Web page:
This is the first article in a new collaboration: "NBC News x Noticias Telemundo Reports," which will feature reports by correspondents from both news organizations — in English, on NBC News platforms, and in Spanish for Telemundo readers.
McFARLAND, Calif. — Xiomara Valderrama usually spends her days picking grapes in California's Central Valley, where one-quarter of the U.S. food supply is produced. But she has been unable to work since she learned that her 5-year-old son may have been exposed to COVID-19, the disease caused by the coronavirus, at his day care center.
Valderrama will need to wait up to two weeks for the boy's test results — which means two weeks without income to cover the rent and pay for other basic necessities.
"It's going to be a stress to get that money," Valderrama said.
The chief executive of California Grapery is trying to make sure workers get paid for missed hours. But for thousands of vulnerable, predominantly Latino undocumented workers across this sprawling agricultural region, there is immense fear and reluctance to self-report possible COVID-19 infection — even with some doctors promising confidentiality.
The United Farm Workers union estimates up to 70 percent of farmworkers in this region are in the U.S. illegally, which means they do not have access to federal or state unemployment benefits, and they cannot risk losing their livelihoods. The pressure to work is forcing some laborers to potentially ignore their exposure to COVID-19.
"People are scared to go to the doctor. They're scared to go to the clinic. They're not going to their monthly doctor visits because they fear that the outcome is going to be COVID-19," said Hernan Hernandez, the executive director of the California Farmworker Foundation, a nonprofit organization that provides services and resources to farmworkers.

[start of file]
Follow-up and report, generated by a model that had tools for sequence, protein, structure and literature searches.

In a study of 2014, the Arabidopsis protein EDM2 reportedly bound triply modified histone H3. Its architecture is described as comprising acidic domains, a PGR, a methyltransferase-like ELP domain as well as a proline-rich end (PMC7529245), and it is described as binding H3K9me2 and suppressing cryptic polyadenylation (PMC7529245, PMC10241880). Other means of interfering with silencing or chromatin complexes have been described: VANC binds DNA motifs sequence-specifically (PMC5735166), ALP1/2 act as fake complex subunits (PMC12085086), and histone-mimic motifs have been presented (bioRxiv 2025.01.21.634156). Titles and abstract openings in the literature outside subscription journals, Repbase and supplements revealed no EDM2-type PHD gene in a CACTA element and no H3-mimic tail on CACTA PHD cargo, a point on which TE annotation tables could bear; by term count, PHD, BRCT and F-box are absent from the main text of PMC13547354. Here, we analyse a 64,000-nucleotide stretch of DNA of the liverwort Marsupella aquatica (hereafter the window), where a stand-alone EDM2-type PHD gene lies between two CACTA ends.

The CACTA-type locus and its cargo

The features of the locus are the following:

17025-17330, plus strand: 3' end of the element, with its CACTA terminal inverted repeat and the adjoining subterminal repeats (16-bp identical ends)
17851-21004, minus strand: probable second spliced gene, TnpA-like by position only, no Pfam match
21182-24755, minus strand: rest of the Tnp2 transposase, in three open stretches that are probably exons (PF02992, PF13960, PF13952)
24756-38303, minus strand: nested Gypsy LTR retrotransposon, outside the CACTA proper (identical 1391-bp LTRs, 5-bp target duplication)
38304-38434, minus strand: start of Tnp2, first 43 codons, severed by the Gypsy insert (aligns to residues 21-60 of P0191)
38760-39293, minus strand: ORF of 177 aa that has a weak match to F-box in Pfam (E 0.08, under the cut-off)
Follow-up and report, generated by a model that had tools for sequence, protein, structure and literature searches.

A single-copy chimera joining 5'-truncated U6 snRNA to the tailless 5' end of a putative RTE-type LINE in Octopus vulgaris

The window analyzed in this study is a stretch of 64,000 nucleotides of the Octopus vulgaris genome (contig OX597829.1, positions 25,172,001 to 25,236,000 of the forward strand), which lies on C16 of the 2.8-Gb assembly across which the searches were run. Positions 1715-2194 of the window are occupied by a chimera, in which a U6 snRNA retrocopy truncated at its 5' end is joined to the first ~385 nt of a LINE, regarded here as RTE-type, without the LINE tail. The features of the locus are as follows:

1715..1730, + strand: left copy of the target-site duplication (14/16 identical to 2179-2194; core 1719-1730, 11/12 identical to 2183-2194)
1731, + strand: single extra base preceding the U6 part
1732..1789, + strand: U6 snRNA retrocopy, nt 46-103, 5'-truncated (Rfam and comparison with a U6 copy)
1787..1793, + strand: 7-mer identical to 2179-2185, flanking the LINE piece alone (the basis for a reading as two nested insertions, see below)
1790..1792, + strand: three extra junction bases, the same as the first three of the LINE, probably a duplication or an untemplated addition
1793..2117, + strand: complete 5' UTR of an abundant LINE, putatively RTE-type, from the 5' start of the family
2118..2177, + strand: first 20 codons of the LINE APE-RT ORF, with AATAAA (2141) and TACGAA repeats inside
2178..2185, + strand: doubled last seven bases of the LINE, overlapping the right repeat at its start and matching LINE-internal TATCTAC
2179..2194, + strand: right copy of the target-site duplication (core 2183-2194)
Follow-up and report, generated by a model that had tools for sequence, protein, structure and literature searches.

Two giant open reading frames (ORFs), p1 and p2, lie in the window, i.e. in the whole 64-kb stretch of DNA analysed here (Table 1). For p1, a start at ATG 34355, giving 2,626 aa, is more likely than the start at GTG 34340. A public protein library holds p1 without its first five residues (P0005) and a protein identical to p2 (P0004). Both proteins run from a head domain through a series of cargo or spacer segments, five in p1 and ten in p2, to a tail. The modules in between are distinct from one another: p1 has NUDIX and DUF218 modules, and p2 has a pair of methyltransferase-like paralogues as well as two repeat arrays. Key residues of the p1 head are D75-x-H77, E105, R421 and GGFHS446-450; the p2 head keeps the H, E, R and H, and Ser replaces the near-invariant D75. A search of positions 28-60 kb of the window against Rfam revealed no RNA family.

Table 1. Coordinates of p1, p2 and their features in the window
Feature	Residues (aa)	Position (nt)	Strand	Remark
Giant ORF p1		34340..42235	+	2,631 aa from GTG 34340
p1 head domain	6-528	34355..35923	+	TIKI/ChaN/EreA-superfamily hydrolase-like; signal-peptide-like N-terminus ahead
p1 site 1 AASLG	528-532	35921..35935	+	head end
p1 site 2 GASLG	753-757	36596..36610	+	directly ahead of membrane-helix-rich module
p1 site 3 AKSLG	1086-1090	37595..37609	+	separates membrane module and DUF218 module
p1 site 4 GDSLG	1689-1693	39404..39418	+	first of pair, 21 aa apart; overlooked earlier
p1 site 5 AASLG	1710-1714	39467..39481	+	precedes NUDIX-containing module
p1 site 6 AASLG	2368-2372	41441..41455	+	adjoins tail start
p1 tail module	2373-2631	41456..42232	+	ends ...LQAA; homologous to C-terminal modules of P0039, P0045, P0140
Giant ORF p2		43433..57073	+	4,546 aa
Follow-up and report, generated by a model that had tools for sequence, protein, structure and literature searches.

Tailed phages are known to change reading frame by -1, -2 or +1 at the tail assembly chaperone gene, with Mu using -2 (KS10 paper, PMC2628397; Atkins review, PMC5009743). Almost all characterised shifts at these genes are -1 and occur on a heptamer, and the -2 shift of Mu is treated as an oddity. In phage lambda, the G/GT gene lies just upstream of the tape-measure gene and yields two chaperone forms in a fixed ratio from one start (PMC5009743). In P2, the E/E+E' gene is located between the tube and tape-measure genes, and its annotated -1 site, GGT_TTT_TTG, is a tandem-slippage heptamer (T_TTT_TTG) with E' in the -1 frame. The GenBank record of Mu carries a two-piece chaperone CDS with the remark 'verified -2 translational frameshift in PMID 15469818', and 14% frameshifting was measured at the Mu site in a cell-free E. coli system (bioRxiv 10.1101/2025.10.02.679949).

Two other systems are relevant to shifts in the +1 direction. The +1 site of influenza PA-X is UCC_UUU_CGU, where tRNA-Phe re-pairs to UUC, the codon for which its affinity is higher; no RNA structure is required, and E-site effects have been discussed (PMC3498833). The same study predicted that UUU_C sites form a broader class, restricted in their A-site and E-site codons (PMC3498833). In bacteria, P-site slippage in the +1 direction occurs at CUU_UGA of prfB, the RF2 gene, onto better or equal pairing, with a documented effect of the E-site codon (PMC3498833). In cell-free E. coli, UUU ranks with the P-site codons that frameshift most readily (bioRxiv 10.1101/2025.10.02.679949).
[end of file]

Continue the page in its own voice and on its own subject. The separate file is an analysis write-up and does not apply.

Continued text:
The infection rate among Latinos has outpaced the rest of the U.S., and the community has also been disproportionately hurt by the economic downturn associated with the pandemic, the Pew Research Center reported Tuesday.
Salvador, a father of four who works in the fields, believes he might have been exposed to the coronavirus three weeks ago, around the time somebody who later tested positive visited his home. Salvador decided not to get tested because he was scared a positive result would mean being sidelined from work, unable to make money for his family.
The roughly $500 Salvador and his wife bring home every week barely covers their bills, so he kept working. He said he did not inform his boss of his possible infection because he was not showing symptoms. Instead, he and other workers who thought they might be infected quietly warned one another to keep their distance.
Ernestina, who works alongside hundreds of others at a pistachio packing plant, said she became infected with the coronavirus and stayed at home for a month, missing out on two weeks of pay. But before getting sick, she said, she witnessed other workers hiding symptoms, holding in coughing fits for as long as they could.
Dr. Harjeet Brar, the president of the Good Samaritan Hospital in Bakersfield, told NBC News that his medical staff are not asking patients about their immigration status.
"That is not the intent at all. We're here to help," Dr. Brar said, adding: "We just want you guys to get tested so we can protect your family." (Good Samaritan, through a partnership involving the California Farmworker Foundation and Kern County, has worked to provide a mobile testing unit to farm communities in the state.)
California Gov. Gavin Newsom has pledged $52 million to the Central Valley to help with coronavirus testing and contact tracing, with the broad goal of slowing the spread of the virus in the region. In mid-April, Newsom said the state would partner with philanthropic groups to provide disaster relief to undocumented immigrants grappling with the coronavirus who are not eligible for other pandemic assistance programs.
“We feel a deep sense of gratitude for people who are in fear of deportation but are still addressing the essential needs of tens of millions of Californians,” Newsom said at the time, adding that many undocumented immigrants work in essential sectors such as health care, agriculture and food services.
Newsom has signed an order providing two weeks of supplemental paid sick leave for essential workers, including farmworkers. The state has also partnered with county agriculture commissioners to help distribute 12.6 million surgical masks to agricultural workers, in addition to other personal protective equipment.